Wendyl Wants to Know: Coke and Pepsi face off an even match
Coca-Cola $2.75 for 1.5 litres vs Pepsi $2.15 for 1.5 litres.
There is no doubting Coca-Cola is the most popular drink in the world with their website claiming that 1.7 billion servings are consumed each day around the world. And then there is Pepsi.
Both are cola-flavoured drinks which are more than a hundred years old and compete vigorously with each other.
In New Zealand it is cheaper to buy a bottle of Coca-Cola or Pepsi than it is to buy milk, which is of concern to health professionals who advise that drinks like this should be limited when given to children.
Trends in beverage consumption among children and adolescents over the past few decades suggest the consumption of soft drinks is increasing and may be replacing more nutritious beverages such as milk and fruit juices.
In the United States, 12- to 19-year-old females have doubled, and males have tripled, their consumption of soft drinks and have reduced their consumption of milk by more than 40 per cent, according to a report by the Australian National Health and Medical Research Council.
One of this column's readers suggested I might like to analyse and compare the two cola drinks, so let's take a look at what is in both.
Ingredients (in order of greatest quantity):
Carbonated purified water - Coke
Carbonated water - Pepsi
As you would suspect, both products are made up mostly of water. Coke's water has been purified which means it has been treated to remove chemicals.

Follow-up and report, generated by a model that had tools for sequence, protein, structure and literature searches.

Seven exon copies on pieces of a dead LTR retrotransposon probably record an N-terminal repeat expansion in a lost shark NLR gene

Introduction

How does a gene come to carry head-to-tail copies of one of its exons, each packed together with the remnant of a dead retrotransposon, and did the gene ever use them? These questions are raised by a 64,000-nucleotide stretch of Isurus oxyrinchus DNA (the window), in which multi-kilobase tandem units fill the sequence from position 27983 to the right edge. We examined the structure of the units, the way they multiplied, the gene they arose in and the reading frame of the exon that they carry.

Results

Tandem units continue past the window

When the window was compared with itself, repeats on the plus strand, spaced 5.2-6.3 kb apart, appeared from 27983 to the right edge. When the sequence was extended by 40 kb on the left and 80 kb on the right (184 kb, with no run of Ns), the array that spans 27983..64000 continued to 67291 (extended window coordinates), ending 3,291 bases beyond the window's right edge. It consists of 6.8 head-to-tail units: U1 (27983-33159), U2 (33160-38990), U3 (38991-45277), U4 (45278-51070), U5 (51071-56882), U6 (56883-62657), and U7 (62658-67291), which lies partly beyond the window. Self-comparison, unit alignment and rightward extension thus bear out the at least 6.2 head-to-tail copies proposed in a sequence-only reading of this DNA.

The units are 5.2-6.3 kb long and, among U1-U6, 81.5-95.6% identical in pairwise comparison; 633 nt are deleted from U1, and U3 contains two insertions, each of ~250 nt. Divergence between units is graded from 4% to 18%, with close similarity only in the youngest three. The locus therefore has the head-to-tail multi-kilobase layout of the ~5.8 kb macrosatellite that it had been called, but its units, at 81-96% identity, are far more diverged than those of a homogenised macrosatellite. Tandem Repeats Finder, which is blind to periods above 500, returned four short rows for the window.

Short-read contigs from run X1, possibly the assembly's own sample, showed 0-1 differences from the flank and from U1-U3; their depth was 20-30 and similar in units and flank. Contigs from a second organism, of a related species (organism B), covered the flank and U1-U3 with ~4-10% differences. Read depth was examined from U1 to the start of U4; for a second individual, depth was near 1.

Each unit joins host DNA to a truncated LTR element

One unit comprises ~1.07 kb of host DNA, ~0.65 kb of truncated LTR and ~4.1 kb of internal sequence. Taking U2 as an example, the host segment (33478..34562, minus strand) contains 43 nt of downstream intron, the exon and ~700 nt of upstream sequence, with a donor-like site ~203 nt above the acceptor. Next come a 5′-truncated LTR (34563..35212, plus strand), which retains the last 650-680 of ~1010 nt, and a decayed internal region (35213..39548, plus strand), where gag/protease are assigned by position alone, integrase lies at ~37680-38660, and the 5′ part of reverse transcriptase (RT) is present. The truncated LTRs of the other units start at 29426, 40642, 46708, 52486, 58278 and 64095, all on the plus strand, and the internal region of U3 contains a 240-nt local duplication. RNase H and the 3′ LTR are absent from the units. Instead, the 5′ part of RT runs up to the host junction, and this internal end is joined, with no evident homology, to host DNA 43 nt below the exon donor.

Cane sugar - Coke
Sugar - Pepsi
Both these drinks are extremely high in sugar.
For each 250ml serve you will consume 27g or 5.2 teaspoons by drinking Coke and 27.6g or 5.26 teaspoons by drinking Pepsi. That's a lot of sugar for a child to be swallowing in one glass.
It is well known that excessive consumption of sugar-sweetened beverages can contribute to obesity and dental problems in children.
Colour (Caramel 150d) - Coke
Colour (150d) - Pepsi
This is a highly controversial colour also known as Caramel IV or sulphite ammonia caramel.
The colouring has nothing to do with caramel but is made out of reacting corn sugar with ammonia and sulphites under high pressures and high temperatures.
Those reactions produce the chemicals 2- mehylimidazole and 4-mehylimidazole (4-MEI).
A recent article in Time magazine reported that the Centre for Science in the Public Interest (CSPI), a Washington-based consumer watchdog group, has petitioned the US Food and Drug Administration to ban this colouring on the grounds that the chemicals are carcinogenic.
A 2007 study by the National Toxicology Programme found "clear evidence" of lung tumours in mice.
The state of California has also concluded that 4-MEI is a carcinogen and is crafting regulations that may require food and drinks containing significant levels of the chemical to bear cancer warnings. Coke and Pepsi would easily be over this threshhold.